On opposing sides, some U.S. producers hold their ground, stating they have the right to the name because they have been making Champagne [sic] for 120+ years, which predates CIVC and EU existence. Others claim the French waited too long to dispute use of the term. In both cases, many will argue they are both wrong. France has every right to the place name once wine-producing vineyards hit the map in the 3rd and 5th centuries AD. You cannot separate the name of the place from the wine it’s known for.
For a balanced view, I think it’s important to point out that some countries object to France’s claim, however, as international law continues to expand in relevance, many of these opposing countries are faced with increasing pressure, mainly from France and the EU. With substantial revenues at stake, and with strong cases for and against France’s claims, the debate continues vigorously on the international stage. Of note, Master of Wine Jennifer Simonetti-Bryan points out that,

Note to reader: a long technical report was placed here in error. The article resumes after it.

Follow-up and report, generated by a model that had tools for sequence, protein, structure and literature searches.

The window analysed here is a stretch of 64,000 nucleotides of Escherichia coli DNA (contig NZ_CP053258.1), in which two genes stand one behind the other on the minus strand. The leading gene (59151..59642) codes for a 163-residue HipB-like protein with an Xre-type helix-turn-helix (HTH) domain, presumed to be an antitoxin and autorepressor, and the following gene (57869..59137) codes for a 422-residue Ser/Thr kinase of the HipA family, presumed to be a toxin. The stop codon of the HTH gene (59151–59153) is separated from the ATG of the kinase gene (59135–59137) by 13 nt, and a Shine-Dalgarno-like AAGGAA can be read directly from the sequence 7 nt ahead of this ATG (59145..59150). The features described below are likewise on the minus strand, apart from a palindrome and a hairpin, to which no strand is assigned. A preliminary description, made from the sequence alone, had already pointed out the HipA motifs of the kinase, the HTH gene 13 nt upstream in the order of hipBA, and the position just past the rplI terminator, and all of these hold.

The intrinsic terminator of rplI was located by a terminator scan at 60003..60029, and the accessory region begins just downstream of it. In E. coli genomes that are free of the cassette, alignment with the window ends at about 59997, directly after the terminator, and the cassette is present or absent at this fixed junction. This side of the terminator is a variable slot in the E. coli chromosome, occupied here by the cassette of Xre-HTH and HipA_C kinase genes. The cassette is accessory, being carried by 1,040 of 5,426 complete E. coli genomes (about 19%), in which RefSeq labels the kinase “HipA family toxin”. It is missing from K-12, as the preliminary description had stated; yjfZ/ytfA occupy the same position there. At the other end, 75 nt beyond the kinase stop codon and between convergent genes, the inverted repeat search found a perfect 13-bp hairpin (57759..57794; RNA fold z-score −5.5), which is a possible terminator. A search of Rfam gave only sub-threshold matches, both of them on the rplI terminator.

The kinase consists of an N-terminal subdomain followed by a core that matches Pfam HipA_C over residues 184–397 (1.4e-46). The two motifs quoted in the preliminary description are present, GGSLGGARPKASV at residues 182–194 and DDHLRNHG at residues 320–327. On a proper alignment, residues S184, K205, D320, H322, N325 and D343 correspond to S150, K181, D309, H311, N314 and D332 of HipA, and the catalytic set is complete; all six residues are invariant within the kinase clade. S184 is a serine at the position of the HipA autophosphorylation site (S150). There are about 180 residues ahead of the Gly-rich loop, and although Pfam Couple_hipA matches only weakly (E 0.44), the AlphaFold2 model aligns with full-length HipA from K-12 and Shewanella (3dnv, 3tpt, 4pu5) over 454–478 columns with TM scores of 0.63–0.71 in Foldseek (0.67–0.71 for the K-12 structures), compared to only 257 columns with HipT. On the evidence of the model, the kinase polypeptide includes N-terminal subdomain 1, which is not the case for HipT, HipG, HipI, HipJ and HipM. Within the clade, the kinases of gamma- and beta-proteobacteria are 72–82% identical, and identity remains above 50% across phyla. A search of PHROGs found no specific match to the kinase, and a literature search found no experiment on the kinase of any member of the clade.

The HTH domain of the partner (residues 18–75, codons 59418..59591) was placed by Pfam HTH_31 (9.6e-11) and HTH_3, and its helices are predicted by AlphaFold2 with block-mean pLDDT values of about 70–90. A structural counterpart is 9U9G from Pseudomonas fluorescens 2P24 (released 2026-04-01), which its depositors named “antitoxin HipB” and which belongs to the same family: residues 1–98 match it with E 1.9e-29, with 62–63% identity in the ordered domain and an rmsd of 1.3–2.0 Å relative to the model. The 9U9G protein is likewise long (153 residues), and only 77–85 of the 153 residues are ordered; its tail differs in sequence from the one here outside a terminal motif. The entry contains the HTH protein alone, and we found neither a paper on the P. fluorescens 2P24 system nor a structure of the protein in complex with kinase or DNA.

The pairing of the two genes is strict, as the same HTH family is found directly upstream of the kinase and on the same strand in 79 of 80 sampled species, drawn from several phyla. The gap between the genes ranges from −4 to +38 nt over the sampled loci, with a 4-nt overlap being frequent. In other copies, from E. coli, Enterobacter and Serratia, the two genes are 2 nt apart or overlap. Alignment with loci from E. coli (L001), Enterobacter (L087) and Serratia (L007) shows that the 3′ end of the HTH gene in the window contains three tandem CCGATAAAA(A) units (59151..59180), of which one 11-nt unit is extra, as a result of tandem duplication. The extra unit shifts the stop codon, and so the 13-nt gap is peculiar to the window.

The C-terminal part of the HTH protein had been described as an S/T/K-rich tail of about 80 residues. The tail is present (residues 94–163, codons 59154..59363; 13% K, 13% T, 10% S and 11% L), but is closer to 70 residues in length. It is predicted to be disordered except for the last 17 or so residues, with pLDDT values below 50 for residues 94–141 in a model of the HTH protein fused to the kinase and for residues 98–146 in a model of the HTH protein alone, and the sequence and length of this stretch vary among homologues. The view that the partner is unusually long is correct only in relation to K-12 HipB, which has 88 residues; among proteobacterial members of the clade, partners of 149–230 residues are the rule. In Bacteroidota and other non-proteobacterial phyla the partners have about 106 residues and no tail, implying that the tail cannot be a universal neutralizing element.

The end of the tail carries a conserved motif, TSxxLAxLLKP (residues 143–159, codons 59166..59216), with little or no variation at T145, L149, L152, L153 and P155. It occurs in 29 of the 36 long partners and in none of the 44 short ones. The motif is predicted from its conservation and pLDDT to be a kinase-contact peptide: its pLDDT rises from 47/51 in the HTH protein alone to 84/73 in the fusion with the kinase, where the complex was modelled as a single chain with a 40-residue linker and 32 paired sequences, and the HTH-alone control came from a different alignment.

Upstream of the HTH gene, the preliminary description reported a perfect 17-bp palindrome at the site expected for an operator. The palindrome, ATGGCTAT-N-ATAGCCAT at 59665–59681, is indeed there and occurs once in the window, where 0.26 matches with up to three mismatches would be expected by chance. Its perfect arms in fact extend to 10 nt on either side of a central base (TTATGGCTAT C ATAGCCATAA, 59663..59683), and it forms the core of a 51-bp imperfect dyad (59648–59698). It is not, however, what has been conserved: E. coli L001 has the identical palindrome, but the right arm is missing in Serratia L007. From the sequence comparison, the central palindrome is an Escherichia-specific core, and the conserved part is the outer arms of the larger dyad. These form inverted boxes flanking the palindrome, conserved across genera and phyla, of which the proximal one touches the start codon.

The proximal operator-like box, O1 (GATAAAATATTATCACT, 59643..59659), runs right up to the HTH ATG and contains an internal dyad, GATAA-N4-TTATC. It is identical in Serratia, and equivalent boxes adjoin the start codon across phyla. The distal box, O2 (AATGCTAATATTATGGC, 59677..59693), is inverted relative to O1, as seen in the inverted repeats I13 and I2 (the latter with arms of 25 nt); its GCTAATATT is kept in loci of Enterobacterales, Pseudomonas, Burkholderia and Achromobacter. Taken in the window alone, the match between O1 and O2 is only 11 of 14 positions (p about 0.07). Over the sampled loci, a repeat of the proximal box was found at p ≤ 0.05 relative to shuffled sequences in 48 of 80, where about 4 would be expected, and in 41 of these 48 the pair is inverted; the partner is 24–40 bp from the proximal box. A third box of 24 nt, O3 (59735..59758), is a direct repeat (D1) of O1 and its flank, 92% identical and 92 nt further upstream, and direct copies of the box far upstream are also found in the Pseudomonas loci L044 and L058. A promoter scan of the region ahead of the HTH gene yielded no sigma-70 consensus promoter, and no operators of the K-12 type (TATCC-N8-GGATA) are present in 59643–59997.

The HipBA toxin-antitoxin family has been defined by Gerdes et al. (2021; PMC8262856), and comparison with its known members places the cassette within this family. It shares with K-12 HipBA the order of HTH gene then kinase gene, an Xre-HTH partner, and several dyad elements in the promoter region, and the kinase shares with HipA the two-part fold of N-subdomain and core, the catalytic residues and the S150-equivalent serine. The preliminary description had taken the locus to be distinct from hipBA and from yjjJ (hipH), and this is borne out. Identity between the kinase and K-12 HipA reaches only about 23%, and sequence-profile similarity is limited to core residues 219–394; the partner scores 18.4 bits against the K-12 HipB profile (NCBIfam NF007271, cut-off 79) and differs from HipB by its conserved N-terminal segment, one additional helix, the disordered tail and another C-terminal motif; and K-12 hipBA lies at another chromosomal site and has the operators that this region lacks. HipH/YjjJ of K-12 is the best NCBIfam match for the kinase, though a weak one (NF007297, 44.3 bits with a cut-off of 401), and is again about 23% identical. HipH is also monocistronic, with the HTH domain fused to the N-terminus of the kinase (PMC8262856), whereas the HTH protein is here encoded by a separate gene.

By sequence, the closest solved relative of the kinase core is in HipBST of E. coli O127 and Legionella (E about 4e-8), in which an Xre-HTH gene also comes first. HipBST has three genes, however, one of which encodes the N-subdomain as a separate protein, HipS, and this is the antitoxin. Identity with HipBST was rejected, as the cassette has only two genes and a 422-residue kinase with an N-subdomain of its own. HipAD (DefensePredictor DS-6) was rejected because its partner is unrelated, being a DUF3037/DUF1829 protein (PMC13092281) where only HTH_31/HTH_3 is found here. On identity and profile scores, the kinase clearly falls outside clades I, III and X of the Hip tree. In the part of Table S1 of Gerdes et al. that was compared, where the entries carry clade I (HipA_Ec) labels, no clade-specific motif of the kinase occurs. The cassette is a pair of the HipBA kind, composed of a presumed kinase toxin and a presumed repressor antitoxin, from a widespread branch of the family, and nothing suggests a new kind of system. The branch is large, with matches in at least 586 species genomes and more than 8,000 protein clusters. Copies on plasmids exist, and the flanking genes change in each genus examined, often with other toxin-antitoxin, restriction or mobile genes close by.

“Champagne has many challenges, not least of which is trying to protect their name. Korbel has been making sparkling wine since the 1880s. This makes it older than some champagne brands, such as Champagne Salon which had it’s first commercial champagne in 1927. Additionally, Korbel is a multi-million case brand. So from a marketing perspective, one can understand why Korbel wants to protect their branding. Having said this, facts are facts. Champagne is a region, they have established themselves as the quality standard for sparkling wine and they have every right to try to protect their name and the quality they stand for. And they should. It’s their name. They have a difficult fight on their hands though because of pricing, cultural views, consumers’ abilities to taste the difference, and lack of retailer/sommelier incentive.”